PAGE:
moreover, i very much hope (and assume) that if we are going to ends such as dropping need blindness and considering a “three year degree,” athletics will also see some cutbacks. i would much rather less sports than less financial aid (not that this decision is that clear-cut). moreover, everyone deserves a chance at this education. wesleyan is already an elitist, excluding institution and these moves look to make it even more so.

    the chalking issue is also interesting and tough for me in that i both whole-heartedly support chalking but don’t at all feel comfortable with the fact that maintenance staff are required to clean it up, further adding to both their workloads and our costs. i wonder how much lifting the ban would help. would they be made to clean the chalking even if it were legal?

    1. 2012

      Wouldn’t they need to clean up chalk regardless? I mean, there were penises drawn out in front of Sr. Fauver for all of last week. The chalking policy was originally established because really “inappropriate” (read: sexist and threatening) comments were being made about other parts of the community. Now, clearly, that’s NOT representative of chalking in general. But writing on buildings is also problematic (what if someone starts doing in with spray paint instead of chalk? Where’s the line between chalking and graffiti? ), and I imagine the administration would want to remove inappropriate messages regardless of whether the medium were allowed or not.

      But that’s just part of Roth’s larger point, at least as I understand it. Running a University requires balances. Constructing lab buildings requires getting donations from alums who fondly remember their time on team x, y, or z. Attracting good students means convincing their parents that Wesleyan is a safe campus that is primarily dedicated to education. Acquiring good teachers requires offering certain benefits, including facilities that are at least passable (and some of ours aren’t…). ALL of these things require money, as does financial aid.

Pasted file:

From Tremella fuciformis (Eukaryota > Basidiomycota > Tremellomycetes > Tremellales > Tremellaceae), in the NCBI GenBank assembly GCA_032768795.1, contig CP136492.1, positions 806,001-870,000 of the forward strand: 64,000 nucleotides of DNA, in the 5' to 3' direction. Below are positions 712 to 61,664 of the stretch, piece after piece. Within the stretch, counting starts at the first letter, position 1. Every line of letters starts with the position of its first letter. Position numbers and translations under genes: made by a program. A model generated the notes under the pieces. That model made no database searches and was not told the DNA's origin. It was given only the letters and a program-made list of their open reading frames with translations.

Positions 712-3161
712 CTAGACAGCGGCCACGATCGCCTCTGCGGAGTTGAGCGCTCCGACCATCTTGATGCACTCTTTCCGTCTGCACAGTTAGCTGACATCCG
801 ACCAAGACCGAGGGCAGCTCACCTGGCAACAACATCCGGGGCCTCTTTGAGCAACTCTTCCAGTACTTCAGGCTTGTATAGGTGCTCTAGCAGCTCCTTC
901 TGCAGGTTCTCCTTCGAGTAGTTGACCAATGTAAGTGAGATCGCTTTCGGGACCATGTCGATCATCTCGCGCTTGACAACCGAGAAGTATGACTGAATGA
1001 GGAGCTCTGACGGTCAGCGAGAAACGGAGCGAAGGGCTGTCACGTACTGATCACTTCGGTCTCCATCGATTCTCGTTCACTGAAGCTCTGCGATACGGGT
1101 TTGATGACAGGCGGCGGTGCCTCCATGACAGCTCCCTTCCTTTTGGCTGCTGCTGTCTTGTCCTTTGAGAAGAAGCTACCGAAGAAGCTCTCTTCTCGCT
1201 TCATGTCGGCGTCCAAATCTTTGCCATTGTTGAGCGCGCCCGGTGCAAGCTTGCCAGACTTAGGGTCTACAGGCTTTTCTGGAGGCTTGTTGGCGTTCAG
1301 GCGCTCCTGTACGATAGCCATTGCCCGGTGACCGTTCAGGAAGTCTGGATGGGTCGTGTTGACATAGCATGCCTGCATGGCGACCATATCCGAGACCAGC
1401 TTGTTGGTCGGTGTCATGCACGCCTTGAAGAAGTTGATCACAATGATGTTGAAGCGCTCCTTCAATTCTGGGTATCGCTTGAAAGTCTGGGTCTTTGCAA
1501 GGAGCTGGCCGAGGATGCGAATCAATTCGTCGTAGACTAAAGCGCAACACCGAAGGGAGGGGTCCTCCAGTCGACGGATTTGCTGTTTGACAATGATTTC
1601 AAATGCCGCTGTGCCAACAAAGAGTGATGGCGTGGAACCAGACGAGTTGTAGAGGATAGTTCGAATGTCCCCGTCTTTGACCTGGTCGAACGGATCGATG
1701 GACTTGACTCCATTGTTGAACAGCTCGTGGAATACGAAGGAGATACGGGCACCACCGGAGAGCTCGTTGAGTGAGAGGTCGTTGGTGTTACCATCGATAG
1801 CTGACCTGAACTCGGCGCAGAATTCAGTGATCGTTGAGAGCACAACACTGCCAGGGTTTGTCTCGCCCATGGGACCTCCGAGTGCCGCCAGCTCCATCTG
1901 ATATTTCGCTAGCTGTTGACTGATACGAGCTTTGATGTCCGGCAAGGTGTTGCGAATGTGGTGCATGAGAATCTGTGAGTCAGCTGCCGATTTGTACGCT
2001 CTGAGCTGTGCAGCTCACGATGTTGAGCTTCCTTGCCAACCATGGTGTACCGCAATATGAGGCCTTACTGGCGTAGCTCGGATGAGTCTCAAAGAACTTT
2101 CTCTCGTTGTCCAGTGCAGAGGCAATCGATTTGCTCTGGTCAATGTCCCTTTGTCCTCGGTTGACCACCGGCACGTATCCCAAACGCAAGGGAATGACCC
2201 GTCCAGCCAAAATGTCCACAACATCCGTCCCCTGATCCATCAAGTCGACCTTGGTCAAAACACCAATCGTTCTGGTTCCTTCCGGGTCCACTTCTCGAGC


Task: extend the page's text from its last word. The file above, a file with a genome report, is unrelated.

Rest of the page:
In general, I agree with you about athletics. I’m skeptical of the 3-year degree plan. I don’t like being forced to buy the meal plan. I think my friends at Wes are awesome. But I also think blaming Roth for things that I don’t like isn’t really fair. Sure, he’s the one making the decisions, and maybe he should consult us more… but can’t you see why he doesn’t? The two WSA presidential candidates are currently both claiming that they’ll give students whatever they want. We’re demanding more points, study spaces, keeping the art library, paying the staff more, decreasing course loads, decreasing tuition, increasing financial aid, cleaning up after the messes we leave everywhere, not interfering with our lives, not preventing us from endangering ourselves, not preventing us from breaking CT laws… I wouldn’t want to deal with us either. Not that some of those demands aren’t legitimate.

      But, frankly, I think if the students care about these things–which they seem to–then it’s up to us to come up with solutions. How are we going to cut back to ensure that students continue to be admitted need-blind? Maybe that means that we stop trashing our living areas (hello… Sr. Fauver…), maybe it means that we accept that something else won’t be offered anymore. But the last time the WSA handled something like that, it demanded (note: not suggested, or argued) that tuition remain the same and that salaries for professors receive cuts. That’s not a workable solution. Personally, I’m graduating… so…

  11. a coordinated person

    @Genuinely Curious……………this person as well as Doernberg are clearly uncoordinated and/or consistently got picked last for teams in elementary school gym class. now they’re bitter and want to ruin everyone else’s fun.

    1. BenDoernberg

      That’s true, I was definitely not the most coordinated player on my high school basketball team.

  12. Recent grad

    If this is the way students respond to Roth coming to WSA meetings, acting like immature prats, I don’t blame him for not setting them up himself. 

    1. broke student

      With all due respect, you’re not currently a student at Wesleyan worrying about how you are going to cover the 4.5% tuition increase next year. I think students have a right to be upset that they are not more directly involved in decisions that have severe impacts on their finances. 

    1. BenDoernberg

      This is always the refuge of the dicks of the world, but these five word summaries of my questions don’t actually contain the substance of my questions or their context. 

      For instance, in regards to athletics, I was pointing out that the budgets posted online, which supposedly give students enough information to be informed and make suggestions about where our tuition money should be allocated, don’t even break out how much is spent on a specific department, such as athletics. Did I mention athletics for a reason, instead of janitorial expenses? Sure, but I think that information should be available as well. Roth replied by (among other things) asking if we should also track and distribute statistics on the amount of financial aid given to different students from different ethnic and religious backgrounds…

      In terms of chalking, Roth had just finished responding to a student who claimed she saw lots of wasted money around campus, saying “I welcome student feedback, please tell me where you see money being wasted.” I don’t think it was dickish to suggest that spending $50k or more a year spraying chalk with water is a waste of money, but maybe I’m wrong.